EUthyroid Project Aims to Improve Iodine Uptake Across Europe

Marlene Busko

December 20, 2016

Ensuring that all Europeans — especially pregnant women — have adequate dietary intake of iodine will be a challenge, but in the past year, experts have taken the first steps toward determining how to do this.

This research is important, since iodine deficiency in pregnant mothers is associated with poorer cognition in their offspring, Sarah C Bath, PhD, RD, from the department of nutritional sciences, at the University of Surrey, in Guilford, United Kingdom, writes in a Comment published online December 6, 2016 in Lancet Diabetes & Endocrinology.

Currently, the uptake of iodine varies widely in different European countries because of differences in eating habits and variation in the iodine concentration of foods. Also, iodized salt programs, recommended by the World Health Organization to prevent deficiency, are inconsistent.

"For example, some countries are classified as iodine deficient in both the general population and in pregnant women (eg, the United Kingdom), some are iodine sufficient in both the general population and in pregnant women (eg, the Netherlands), whereas many are classified as iodine-sufficient but with deficiency in pregnant women (eg, Spain)," Dr Bath writes.

When asked what might explain the differences in iodine uptake in these three countries, Dr Bath told Medscape Medical News in an email that "in the United Kingdom, the main dietary source of iodine is milk (and dairy products); in the Netherlands, bread is made with iodized salt; and in the Netherlands and Spain, iodized salt is widely available and used."

The 3-year, European Union–funded EUthyroid project, which began June 1, 2015 and includes 24 EU member countries plus six additional countries (Iceland, Israel, Macedonia, Norway, Switzerland, and Turkey), aims to harmonize the iodine supply across Europe and ensure that all pregnant women have adequate levels of iodine.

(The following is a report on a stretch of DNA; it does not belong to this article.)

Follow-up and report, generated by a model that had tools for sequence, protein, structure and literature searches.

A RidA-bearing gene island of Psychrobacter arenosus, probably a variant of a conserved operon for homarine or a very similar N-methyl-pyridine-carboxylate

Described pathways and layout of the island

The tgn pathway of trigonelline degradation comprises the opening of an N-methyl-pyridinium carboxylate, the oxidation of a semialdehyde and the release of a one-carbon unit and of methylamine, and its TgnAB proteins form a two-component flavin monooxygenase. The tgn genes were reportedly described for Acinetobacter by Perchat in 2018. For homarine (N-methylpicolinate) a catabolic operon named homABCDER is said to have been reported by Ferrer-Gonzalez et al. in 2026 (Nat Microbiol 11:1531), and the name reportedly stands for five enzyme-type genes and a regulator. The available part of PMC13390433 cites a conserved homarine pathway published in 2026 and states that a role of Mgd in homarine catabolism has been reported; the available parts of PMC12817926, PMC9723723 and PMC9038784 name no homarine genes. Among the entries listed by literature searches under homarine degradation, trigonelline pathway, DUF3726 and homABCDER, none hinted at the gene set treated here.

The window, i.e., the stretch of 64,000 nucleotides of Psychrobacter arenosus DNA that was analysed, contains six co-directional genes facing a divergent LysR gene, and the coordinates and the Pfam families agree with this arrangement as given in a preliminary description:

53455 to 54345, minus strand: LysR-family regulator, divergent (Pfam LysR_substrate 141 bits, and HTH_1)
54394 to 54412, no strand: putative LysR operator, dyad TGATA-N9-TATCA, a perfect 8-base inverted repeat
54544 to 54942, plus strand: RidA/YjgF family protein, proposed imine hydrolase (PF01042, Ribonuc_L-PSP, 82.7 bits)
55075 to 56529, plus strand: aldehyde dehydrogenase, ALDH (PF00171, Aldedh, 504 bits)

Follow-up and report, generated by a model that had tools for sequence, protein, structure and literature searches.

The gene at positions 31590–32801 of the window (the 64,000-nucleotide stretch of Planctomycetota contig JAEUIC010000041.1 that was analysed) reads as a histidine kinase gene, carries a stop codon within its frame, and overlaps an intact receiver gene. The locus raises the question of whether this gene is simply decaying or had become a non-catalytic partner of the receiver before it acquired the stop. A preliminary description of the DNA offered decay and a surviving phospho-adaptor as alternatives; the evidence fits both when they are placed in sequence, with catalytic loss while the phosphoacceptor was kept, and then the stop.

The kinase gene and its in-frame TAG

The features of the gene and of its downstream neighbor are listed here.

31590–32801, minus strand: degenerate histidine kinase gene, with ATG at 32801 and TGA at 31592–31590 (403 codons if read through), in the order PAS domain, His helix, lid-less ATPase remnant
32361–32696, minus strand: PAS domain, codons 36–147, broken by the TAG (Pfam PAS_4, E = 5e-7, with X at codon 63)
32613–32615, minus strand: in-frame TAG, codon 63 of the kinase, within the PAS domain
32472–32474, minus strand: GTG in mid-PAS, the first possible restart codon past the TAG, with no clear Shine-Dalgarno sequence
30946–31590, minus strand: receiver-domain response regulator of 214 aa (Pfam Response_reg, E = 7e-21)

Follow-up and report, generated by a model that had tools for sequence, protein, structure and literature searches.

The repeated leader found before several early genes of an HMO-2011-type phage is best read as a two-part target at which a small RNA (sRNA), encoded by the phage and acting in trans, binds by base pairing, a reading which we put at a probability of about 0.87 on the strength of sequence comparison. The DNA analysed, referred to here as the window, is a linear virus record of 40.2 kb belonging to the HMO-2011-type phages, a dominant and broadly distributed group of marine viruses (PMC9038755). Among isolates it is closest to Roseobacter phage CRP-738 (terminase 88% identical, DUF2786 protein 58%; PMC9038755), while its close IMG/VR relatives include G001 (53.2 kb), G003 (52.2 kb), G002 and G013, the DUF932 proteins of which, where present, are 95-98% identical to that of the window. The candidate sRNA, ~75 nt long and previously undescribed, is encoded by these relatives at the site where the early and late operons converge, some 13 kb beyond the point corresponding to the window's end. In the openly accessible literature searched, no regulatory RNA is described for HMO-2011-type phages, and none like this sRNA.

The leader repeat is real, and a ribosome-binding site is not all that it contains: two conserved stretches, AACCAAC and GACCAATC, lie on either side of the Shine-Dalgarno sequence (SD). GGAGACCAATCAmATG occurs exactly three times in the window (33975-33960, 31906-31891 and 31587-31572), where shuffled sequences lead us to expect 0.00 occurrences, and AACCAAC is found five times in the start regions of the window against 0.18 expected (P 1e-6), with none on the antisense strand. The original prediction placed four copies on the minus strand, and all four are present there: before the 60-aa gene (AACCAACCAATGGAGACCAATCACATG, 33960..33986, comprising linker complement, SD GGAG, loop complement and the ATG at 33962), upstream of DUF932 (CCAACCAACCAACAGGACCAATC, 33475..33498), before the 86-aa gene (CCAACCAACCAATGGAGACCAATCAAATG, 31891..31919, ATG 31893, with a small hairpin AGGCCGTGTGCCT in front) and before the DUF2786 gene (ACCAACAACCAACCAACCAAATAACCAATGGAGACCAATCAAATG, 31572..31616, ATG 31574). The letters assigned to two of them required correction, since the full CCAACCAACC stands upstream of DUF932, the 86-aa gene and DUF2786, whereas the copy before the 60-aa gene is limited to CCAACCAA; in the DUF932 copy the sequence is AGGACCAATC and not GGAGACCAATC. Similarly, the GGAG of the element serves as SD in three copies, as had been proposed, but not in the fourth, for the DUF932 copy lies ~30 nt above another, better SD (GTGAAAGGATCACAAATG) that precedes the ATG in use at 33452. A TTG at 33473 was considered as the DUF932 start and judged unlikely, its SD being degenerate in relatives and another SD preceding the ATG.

"The EUthyroid project is the first pan-European initiative to take on the challenge of investigating the iodine intake of the European population," Dr Bath told Medscape Medical News.

The project aims to collect standardized data on iodine levels in the population and in pregnant women in the 30 countries; compare dietary sources and measures to improve iodine intake in different countries; perform a cost/benefit analysis of existing programs to ensure adequate iodine intake; develop a more consistent strategy to improve iodine intake; evaluate the usefulness of thyroglobulin as a biomarker of iodine status in pregnancy; and study birth cohorts from three countries with different levels of iodine intake (the United Kingdom, the Netherlands, and Spain).

"The effects of severe iodine deficiency on the developing brain are well-known, but the effect of mild to moderate iodine deficiency, which is more likely in European countries, is less certain," she writes. The study from pregnant women in these three countries will shed more light on this.

Experts from EUthyroid and others from Iodine Global Network met at a symposium to discuss how the EUthyroid project was progressing, just before the European Thyroid Association meeting in Copenhagen, Denmark, in September, Dr Bath reports.

This type of coordinated approach is necessary to tackle outstanding research questions and attempt to deal with the current disparity in iodine nutrition across Europe.

However, the experts also need make sure that this research framework can outlive the project. According to Dr Bath, "for iodine deficiency to be eliminated in Europe in the long term…frameworks and approaches need to be developed that will ensure adequate iodine nutrition across Europe long after the EUthyroid project ends in 2018."

The EUthyroid project has received funding from the European Union's Horizon 2020 Research and Innovation program. Dr Bath has received lecture fees from The Dairy Council.

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Lancet Diabetes Endocrinol. Published Online December 6, 2016. Abstract

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